But many observers say serious fines and sanctions levied against the party are unlikely.
The campaign finance board is limited by law in the types of punishments it can deliver, and historically the board has opted out of these kinds of high-profile political fights. There have been only three instances in the past decade when the campaign finance board levied large fines against groups or campaigns.
Its largest ever came in 2002, when the board fined Tim Pawlenty’s gubernatorial campaign $600,000 for illegally coordinating $800,000 worth of independent advertisement expenditures with the state GOP. Several years later the board fined a campaign manager in northern Minnesota $12,000 for using campaign funds for personal purposes, and in 2010, the board ruled that DFL gubernatorial candidate Margaret Anderson Kelliher and the DFL Party violated a ban on soliciting and accepting earmarked contributions. Together they were fined $24,000 for improperly helping the campaign to obtain a voter database with a price tag of $13,000.
“This [board] has been extremely weak when implementing fines, so I don’t expect that to happen,” Mike Dean, executive director of Common Cause Minnesota, said. “I think they should because that’s the message that should be sent. There have been a ton of problems that have come out of this.”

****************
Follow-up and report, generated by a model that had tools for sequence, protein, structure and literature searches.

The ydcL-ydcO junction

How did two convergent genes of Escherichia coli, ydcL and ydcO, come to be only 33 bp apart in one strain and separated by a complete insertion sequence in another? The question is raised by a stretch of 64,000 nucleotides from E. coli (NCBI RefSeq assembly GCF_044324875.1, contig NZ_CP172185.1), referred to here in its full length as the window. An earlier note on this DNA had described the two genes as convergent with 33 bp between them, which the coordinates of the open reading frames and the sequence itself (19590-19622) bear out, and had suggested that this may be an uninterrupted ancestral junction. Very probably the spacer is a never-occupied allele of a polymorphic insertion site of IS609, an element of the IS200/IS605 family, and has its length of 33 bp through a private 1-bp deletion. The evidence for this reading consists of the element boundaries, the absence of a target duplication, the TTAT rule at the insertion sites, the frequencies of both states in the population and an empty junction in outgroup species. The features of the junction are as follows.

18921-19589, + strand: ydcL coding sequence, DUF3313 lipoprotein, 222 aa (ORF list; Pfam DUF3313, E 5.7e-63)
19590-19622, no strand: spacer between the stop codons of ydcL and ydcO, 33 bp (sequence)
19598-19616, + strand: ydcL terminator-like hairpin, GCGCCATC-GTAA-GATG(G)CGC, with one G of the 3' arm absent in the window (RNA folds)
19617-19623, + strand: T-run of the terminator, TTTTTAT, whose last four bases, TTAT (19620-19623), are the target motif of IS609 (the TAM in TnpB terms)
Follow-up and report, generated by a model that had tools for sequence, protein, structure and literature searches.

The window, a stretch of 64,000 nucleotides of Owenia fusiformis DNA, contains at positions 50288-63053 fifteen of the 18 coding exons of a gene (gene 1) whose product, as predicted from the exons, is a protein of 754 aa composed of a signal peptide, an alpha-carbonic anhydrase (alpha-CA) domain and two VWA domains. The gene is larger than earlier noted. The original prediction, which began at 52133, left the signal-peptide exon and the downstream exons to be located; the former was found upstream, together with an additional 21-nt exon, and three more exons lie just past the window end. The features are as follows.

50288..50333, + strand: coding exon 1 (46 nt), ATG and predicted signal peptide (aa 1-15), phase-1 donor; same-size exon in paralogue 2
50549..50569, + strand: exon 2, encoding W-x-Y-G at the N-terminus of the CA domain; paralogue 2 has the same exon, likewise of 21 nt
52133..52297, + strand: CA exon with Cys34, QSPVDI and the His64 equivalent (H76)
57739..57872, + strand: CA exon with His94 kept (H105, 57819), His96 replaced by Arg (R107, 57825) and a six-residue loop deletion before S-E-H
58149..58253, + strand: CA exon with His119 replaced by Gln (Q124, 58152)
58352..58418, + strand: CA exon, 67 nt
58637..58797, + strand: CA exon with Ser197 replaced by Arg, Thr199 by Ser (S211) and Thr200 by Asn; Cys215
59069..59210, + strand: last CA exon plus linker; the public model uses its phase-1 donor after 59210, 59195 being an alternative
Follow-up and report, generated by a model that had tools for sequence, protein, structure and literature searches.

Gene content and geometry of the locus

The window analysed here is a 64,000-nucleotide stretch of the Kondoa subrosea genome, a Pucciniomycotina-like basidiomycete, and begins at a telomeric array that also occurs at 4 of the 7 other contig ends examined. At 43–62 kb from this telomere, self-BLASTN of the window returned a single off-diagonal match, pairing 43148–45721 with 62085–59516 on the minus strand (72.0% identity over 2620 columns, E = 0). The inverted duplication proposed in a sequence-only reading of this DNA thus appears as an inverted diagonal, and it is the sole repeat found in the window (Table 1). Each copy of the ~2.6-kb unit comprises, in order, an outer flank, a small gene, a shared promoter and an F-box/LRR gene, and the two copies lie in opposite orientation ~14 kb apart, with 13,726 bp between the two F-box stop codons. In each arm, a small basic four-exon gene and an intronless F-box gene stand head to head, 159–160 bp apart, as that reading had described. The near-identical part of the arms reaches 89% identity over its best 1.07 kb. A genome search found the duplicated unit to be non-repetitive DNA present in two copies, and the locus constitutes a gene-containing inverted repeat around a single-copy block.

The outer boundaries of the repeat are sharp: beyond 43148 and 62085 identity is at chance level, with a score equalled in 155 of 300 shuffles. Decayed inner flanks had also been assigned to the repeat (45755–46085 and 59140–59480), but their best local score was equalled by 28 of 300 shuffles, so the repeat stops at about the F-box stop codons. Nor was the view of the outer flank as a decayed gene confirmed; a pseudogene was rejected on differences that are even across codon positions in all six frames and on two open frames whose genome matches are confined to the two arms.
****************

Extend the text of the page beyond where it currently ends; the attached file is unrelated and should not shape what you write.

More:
Even some members of the Republican Party’s executive committee claim to feel more or less at ease facing the ruling next week. Rick Weible, who also serves as chair of the 3rd Congressional District Republicans, said he’s been hearing “mostly positive” things from GOP leadership, which is in the process of handing off paperwork and files to the board to investigate.
There are a handful of ways the board could rule on Tuesday, according to political and campaign finance watchers. The most significant finding for the party would put them on the hook for the recount debt. If the board deems the misreported debt an unintentional infraction, that ruling would likely come along with some corrected paperwork. A monetary fine could come if the board believes there was an intentional effort to avoid campaign finance laws. The board could also find that the party circumvented campaign finance laws by redirecting a contribution through another individual or group, a penalty that could cost $3,000 per violation.